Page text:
Organized layers...on to Albuquerque...

Yesterday, it was 82 degrees in Oklahoma City, Oklahoma at 5:30 PM when we checked in to our hotel, a newer Comfort Inn & Suites.  Never having stayed in a Comfort Inn, I was tentative at the low price of $79 a night including tax. We'd decided when we began this journey that nicer hotels would be reserved for our future travels, not for getting us to Scottsdale.

Surprisingly, the room was a clean mini-suite with living room,  comfortable sofa, spacious bath, mini refrigerator, microwave, flat screen TV and free wireless although unsecured Internet.  

We left Des Moines Iowa at 9 am, stopping twice for gas with two additional stops  to stretch our legs, mine particularly cramped from sharing the passenger floor space with the cooler.  

Since starting our low carb, gluten free, sugar free way of eating 15 months ago, we no longer are hungry for lunch.  We saved at least an hour by not stopping for meals.  It was a good day, our first official fully retired day for both of us together.

Frequently we glanced at one another in a state of awe.  We did it!  We left! We said our goodbyes to loved ones with tear filled eyes. We let go of all of the entanglements one acquires in their lives, the stuff... and we left.  Sadly?  Yes. Easily? No.  But we did it.  And, we can't stop smiling.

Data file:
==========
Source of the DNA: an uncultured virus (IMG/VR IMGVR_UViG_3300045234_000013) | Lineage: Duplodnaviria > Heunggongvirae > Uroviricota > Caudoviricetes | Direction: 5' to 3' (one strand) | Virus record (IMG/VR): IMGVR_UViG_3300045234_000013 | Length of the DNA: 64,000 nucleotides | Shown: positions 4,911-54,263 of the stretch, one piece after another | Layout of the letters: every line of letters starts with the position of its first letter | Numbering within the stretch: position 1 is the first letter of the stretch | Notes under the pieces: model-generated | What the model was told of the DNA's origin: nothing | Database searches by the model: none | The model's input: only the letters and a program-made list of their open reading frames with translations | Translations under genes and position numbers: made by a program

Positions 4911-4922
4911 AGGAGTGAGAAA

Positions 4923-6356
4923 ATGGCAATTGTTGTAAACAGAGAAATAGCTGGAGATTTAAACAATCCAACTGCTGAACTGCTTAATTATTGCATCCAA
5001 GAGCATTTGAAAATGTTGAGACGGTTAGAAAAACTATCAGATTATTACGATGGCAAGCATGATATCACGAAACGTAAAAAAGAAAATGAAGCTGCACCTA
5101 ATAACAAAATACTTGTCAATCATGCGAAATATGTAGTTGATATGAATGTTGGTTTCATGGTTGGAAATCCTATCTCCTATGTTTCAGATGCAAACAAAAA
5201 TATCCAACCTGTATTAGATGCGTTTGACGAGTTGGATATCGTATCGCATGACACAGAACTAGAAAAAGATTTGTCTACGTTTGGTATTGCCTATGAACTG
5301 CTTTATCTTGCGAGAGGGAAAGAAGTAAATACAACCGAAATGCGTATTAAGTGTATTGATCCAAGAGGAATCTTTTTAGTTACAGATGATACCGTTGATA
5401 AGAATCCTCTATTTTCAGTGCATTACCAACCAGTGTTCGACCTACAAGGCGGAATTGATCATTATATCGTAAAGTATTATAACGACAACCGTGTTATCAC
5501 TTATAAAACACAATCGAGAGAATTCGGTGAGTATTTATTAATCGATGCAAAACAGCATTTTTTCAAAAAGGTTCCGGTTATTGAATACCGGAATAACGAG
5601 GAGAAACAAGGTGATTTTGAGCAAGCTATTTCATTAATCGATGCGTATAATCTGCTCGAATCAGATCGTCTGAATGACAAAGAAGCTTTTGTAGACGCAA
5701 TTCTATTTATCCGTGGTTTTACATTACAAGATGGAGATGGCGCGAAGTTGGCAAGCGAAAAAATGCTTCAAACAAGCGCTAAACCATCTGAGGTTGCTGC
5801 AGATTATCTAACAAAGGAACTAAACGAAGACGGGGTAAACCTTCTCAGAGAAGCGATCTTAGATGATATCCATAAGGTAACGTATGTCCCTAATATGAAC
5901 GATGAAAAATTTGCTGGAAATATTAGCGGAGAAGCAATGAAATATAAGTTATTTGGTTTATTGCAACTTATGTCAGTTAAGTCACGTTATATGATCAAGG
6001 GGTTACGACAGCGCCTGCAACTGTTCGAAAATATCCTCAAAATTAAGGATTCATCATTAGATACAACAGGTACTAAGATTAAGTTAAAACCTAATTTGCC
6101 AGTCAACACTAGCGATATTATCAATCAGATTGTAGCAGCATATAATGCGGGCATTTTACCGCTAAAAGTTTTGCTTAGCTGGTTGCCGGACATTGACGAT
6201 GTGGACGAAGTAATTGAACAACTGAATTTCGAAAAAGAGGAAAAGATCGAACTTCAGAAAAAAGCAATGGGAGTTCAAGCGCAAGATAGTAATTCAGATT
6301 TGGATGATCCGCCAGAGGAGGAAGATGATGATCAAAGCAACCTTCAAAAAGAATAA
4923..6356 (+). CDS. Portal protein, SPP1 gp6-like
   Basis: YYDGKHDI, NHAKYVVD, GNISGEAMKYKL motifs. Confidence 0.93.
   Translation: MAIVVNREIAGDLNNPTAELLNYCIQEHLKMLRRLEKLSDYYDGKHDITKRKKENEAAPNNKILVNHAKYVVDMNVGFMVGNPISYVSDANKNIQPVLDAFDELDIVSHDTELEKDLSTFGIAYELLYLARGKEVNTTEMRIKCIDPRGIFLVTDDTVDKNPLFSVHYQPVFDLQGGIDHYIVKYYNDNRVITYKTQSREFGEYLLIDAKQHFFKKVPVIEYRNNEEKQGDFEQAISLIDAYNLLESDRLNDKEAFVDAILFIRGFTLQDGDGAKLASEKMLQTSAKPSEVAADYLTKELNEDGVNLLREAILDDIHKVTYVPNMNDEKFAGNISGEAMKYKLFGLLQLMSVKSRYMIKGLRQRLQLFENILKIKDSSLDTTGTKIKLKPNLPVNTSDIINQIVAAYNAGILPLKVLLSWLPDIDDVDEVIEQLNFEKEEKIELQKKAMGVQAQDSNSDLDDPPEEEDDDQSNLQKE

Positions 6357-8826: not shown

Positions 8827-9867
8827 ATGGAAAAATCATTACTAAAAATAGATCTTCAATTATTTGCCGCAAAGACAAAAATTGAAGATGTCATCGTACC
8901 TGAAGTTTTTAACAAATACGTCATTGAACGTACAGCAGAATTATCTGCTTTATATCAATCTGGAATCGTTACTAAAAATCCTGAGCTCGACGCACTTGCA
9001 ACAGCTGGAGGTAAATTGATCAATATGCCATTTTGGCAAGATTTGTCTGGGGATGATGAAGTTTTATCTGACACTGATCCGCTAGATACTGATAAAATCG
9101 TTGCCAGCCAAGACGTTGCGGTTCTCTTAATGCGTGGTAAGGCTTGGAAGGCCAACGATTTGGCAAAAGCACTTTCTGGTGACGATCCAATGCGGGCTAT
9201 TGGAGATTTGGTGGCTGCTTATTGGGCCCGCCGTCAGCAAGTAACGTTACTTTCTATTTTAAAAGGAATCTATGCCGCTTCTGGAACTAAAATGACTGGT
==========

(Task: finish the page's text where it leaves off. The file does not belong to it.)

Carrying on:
During the day, I received a text message from Verizon reminding me that I've used up most of my allowed text messages with three days left until the end of the billing period.  Ah, who cares? 

Along the way, my fingers flew across the tiny keyboard on my Android phone (soon to be replaced by two unlocked international smart phones) chatting back and forth with family and friends. See, we aren't going to be so far away!

Tom and I chatted.  We laughed. We silently contemplated our lives.  We enjoyed the driving, not anticipating the future as much as reveling in the moment, coming to a single conclusion:  We are on a permanent vacation that may never end. 

No longer will we have angst on Wednesdays as a week's vacation rolls into its mid point. No more will we be dreading the mail accumulating in the box (we cut our snail mail down to a few pieces a month, now going to our new mailing address in Las Vegas).  No newspaper to call to resume the delivery. No sense of dread on Sunday evening anticipating Monday morning's tough reality. How in the world can this be?

How in the world did this happen?  The first discussion, flippantly spewed from Tom to me, resulting in us both surprisingly saying "yes" at the same time, seems as if were a lifetime ago, when in fact it was only 11 months ago.

And this morning, as we packed the organized layers of only that which we need in the hotel room, not a stitch more, we're already in step as to who does what. 

In these few short days we've developed a routine, so familiar, so comfortable that, oddly in itself, begins to feel like "home."

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